I have been reading through a lot your articles, and do find them very informative.


    I was a former Civilian U.S. Coast Guard – Operations Duty Officer, had a team of 12 that I managed and supervised, while I was Activated for the 9-1-1 Incident.

    New Mexico Department of Transportation

    I am also a former Dispatcher based out of Santa Fe, NM had up to 6 different counties that included the 4 corners states – near Chama too, this involved dispatching up to 21 different maintenance patrol yards.

    So you can where I am going with this, I am in the planning phase, and hopefully will make this fully operational soon!

    Again keep up the good work with your Blogs, really do enjoy reading and analyzing my options!

    Best Regards & 73’s,

    Mike Offutt, AB6EW
    E-Mail: ab6ew@hotmail.com

    1. Chris Warren Post author

      Hi Michael, wow, you cover a lot of ground here. Let me give this a shot.

      The battery: It’s all about how much power you want to carry around. A larger battery gives you more options but you also must have a way to charge it in a reasonable amount if time. For QRP, a battery in the 6-10 amp-hour range is a good mix of size and power capacity.

      The FT-818: The FT-818 is not really a “new radio;” it’s an upgraded version of an old radio. I have an 817 and I love it. If money is an issue then look for a clean, used 817. There is not a lot of difference between it and the 818.

      The FT-891: Another great radio. If you are running portable QRO, then you’ll also need to lug along a way to power it. You can turn the transmit down and run QRP, but then you’re lugging along a radio that’s a lot bigger than it needs to be.

      As for which one I’d want…I place a premium on portability and low power consumption, so I go for the 818. If you will be operating primarily from a fixed location, then get the 891 for versatility. Weight/space are not a big consideration.

      The Pilot G2: I’m not personally familiar with this product so I can’t tell you if it’s any good. I will observe that it weighs 13 pounds. It has a 35 amp-hour battery, which is waaaayyy bigger than you need for QRP and just barely enough for QRO. You’d also need a 35-50 watt solar panel to charge it. Are you sure you want to lug all that stuff around?

      I don’t mean to give wishy-washy answers, but these are personal decisions that no one can make for you. If your goal is “lightweight, completely off grid” then you almost have to go with the 818 and QRP.

      There are previous Off Grid Ham articles that address all of your concerns. I suggest that you read through them before making your move and contact me if there are any further questions.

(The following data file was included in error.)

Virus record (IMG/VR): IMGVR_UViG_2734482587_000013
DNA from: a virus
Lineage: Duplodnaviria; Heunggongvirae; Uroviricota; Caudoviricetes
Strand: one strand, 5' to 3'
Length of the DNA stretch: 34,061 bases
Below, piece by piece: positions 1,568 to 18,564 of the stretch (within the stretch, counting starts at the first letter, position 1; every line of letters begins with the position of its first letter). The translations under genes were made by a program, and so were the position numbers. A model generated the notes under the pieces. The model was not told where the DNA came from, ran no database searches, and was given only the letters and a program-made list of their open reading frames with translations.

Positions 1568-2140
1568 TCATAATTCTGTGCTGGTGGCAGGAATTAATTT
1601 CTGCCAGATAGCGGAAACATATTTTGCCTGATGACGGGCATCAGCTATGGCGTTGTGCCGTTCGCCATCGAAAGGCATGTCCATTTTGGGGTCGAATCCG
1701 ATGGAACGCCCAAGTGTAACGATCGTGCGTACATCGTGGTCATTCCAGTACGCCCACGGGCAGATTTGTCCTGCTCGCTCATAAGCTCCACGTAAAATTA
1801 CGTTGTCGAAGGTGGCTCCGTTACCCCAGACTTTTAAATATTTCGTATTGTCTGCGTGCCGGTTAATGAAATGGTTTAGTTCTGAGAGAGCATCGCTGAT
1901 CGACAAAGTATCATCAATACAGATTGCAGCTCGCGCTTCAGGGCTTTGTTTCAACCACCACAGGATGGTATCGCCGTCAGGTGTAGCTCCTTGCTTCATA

Thanks for your comments, your public service, and for being an Off Grid Ham reader. I’m glad to hear that I’ve been helpful.

  2. randall krippner

    Very glad you’re back up and running! Had me worried there when the website disappeared for a few days.

    Just to pass something along to people with standby generators — 10W-30 oil can freeze, did you know that? When we had a power outage during the “polar vortex” when temps were down around -37 and our wind chill was around -50, we couldn’t even turn over the 8KW Generac generator. The electric starter wouldn’t turn it over at all, and we could just barely turn the engine over with the pull starter. The oil had basically turned into a kind of thick sludge. It’s probably a good thing it didn’t start because the engine probably would have been ruined before the oil warmed up enough to actually flow.

    And my little Yamaha 2KW inverter wouldn’t start either, although it did turn over easily. That turned out to be a problem with the rocker switch and we eventually got that started. That little Yamaha is a great little unit. Has enough power to run the furnace and sump pumps which is all we really need in the short term to keep the house from freezing and the basement from flooding.

    As soon as the weather improves enough that I can work outside I’m switching the Generac over to synthetic and hopefully that will make it easier to start in really cold weather.

    1. Chris Warren Post author

      Thanks for missing me!

      You are right. When the temp gets below zero any engine is going to have a hard time starting. The only remedy is a float charger on the battery (which you should have anyway) and an engine block heater.

  3. Mike

    Yes, Chris, I missed you too! Was hoping you’d return… welcome back! You’ve been a tremendous resource to me the past couple of years. Think warmer weather!